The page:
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Learn Python For Data Science (Course I)

Learn Python For Data Science (Course I)

Classes and Objects in Python

In this chapter, you will learn about classes and objects in Python. Python is an object-oriented programming language. Python focuses on entities known as objects unlike functions in procedure-oriented programming languages.

Classes and Objects

An object is a collection of data (variables) and methods (functions). A class can be understood as the “blueprint” for creating objects.

A class creates a new type of object, allowing new instances of that type to be made. Each class instance can have attributes attached to it for maintaining its state. Class instances can also have methods for modifying its state.

Defining a Class in Python

In Python, a class can be defined by using the keyword class. The simplest form of class definition looks like this:

 # Creating a class in Python
 class ClassName:
    <statement1> 
    ............ 
    <statementN>

The following example illustrates a class that has an attribute (variable) x and a method (function) demoMethod:

class DemoClass:
    x = 0 # Attribute
    def demoMethod(self): # Method
        print('Method successfully called')

Creating an Object in Python

Objects can be instantiated from a class already defined. The general syntax for creating an object from a class is as follows.

objectName = ClassName()

An object can be instantiated from the DemoClass created earlier. Then, we can access the attribute (x) as well as call the method demoMethod as shown below.

# Instantiating an object
>>> obj1 = DemoClass()

# Accessing the attribute
>>> print(obj1.x) 
0

# Calling the method (function)
>>> obj1.demoMethod() 
'Method successfully called'

The __init__() Method

All classes create objects, and all objects contain characteristics called attributes. We use the __init__() method to initialize (specify) an object’s initial attributes by giving them their default value (or state). These values are automatically initialized when an object is instantiated from a class.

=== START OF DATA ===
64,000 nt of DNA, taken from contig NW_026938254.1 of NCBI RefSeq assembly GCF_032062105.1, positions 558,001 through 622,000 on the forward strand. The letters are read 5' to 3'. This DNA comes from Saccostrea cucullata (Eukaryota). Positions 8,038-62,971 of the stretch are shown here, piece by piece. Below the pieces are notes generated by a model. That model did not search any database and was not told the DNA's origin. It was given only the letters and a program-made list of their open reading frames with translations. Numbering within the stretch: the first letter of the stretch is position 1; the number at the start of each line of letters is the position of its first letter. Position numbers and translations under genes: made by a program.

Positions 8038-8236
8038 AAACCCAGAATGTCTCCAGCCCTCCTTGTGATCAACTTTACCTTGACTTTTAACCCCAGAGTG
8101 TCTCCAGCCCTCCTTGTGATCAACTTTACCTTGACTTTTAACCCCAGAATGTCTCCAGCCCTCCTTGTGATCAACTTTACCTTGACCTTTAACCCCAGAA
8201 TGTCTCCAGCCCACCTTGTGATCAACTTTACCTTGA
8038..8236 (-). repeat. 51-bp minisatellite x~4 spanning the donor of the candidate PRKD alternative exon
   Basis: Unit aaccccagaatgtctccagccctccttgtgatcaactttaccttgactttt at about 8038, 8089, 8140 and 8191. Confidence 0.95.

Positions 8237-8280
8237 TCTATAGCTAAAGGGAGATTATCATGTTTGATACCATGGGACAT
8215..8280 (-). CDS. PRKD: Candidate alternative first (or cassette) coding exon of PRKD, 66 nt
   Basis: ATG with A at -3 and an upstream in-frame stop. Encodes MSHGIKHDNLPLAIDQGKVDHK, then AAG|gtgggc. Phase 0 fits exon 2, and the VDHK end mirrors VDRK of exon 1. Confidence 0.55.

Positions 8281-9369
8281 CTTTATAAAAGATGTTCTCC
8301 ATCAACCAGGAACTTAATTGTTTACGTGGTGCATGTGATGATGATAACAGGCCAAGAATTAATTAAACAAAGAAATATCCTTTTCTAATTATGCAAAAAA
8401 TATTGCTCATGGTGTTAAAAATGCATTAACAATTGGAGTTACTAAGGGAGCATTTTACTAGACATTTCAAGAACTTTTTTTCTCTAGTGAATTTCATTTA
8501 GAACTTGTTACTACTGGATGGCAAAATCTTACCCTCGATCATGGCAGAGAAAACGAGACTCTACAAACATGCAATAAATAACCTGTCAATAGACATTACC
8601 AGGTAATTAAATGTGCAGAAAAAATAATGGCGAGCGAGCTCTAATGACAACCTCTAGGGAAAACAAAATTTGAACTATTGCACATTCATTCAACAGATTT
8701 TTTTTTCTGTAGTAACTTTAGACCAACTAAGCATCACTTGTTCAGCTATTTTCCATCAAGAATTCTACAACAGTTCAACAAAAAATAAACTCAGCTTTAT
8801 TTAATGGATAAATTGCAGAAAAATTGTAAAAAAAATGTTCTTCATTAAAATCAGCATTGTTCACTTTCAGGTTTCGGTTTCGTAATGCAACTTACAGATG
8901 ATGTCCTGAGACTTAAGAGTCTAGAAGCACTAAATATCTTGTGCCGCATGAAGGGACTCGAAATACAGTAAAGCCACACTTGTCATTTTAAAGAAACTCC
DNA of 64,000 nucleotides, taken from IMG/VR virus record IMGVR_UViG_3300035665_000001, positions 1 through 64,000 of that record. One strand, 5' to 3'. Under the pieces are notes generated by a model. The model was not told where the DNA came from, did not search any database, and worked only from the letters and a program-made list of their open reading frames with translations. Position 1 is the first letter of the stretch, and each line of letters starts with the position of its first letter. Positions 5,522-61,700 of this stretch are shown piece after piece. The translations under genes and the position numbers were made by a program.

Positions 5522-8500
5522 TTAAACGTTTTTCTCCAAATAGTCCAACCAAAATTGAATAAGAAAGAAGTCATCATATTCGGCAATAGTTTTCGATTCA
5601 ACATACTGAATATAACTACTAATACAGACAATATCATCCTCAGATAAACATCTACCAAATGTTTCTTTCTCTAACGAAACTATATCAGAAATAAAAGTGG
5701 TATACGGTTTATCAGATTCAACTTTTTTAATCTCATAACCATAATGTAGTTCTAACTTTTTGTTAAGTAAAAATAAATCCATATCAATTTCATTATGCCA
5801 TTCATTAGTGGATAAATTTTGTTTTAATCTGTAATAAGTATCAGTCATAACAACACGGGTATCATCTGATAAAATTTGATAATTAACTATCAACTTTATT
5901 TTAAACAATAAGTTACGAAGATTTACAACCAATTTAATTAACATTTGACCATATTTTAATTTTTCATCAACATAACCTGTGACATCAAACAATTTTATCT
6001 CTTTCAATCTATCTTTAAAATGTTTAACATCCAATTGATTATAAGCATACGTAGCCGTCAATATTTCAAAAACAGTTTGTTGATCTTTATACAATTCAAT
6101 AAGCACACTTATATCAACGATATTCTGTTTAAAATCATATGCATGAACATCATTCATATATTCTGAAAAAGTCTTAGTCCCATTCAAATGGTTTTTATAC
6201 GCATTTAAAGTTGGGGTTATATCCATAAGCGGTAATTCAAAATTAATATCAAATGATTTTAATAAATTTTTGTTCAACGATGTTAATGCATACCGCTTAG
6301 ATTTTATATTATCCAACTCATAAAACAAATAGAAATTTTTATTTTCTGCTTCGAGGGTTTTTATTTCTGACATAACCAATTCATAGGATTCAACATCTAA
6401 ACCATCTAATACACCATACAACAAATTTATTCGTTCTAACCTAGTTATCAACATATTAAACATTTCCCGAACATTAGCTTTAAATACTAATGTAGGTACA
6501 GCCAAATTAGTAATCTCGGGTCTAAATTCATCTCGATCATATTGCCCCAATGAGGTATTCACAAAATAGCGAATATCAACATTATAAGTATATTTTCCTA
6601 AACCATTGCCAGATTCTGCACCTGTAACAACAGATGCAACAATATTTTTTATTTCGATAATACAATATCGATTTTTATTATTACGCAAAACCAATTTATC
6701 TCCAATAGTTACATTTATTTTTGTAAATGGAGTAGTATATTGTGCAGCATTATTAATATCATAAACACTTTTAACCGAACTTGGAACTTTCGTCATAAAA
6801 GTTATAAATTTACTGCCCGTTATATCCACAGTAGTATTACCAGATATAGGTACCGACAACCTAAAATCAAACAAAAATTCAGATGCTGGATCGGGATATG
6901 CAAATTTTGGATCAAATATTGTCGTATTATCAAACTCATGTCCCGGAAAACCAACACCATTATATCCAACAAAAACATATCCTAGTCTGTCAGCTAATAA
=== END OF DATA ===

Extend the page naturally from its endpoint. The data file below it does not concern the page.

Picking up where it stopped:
The following example illustrates the use of the __init__() method.

#Simple class implementation in Python

class MyClass(object):
    def __init__(self, val):
       # Value initialization
        self.value = val
    
    def value_show(self):
        print("The value of my class is",self.value)

        
my_class_object1 = MyClass(365)
my_class_object2 = MyClass(48)

my_class_object1.value_show()
my_class_object2.value_show()

# Printing the address of the object
print(my_class_object1)
OUTPUT:
The value of my class is 365
The value of my class is 48
<__main__.Myclass object at 0x000001F0C57050F0>

From the above example, we can also see that the value of attributes differs for each object in a class. In other words, each object has its own values of the attributes defined in the class definition.

Scopes and Namespaces

Scope refers to the coding region from which a particular Python object is accessible. A namespace is a system to have a unique name for each and every object in Python. The example below illustrates this:

# An example of Scopes and Namespaces 

def scope_test():
    def do_local():
        spam = "local spam"

    def do_nonlocal():
        nonlocal spam
        spam = "nonlocal spam"

    def do_global():
        global spam
        spam = "global spam"

    spam = "test spam"
    do_local()
    print("After local assignment:", spam)
    do_nonlocal()
    print("After nonlocal assignment:", spam)
    do_global()
    print("After global assignment:", spam)

scope_test()
print("In global scope:", spam)

OUTPUT:
After local assignment: test spam
After nonlocal assignment: nonlocal spam
After global assignment: nonlocal spam
In global scope: global spam

You are now familiar with one of the most important topics in Python, i.e., the concept of Classes and Objects. In the next chapter, you will be getting an overview of some of the standard libraries used in Python and their uses.

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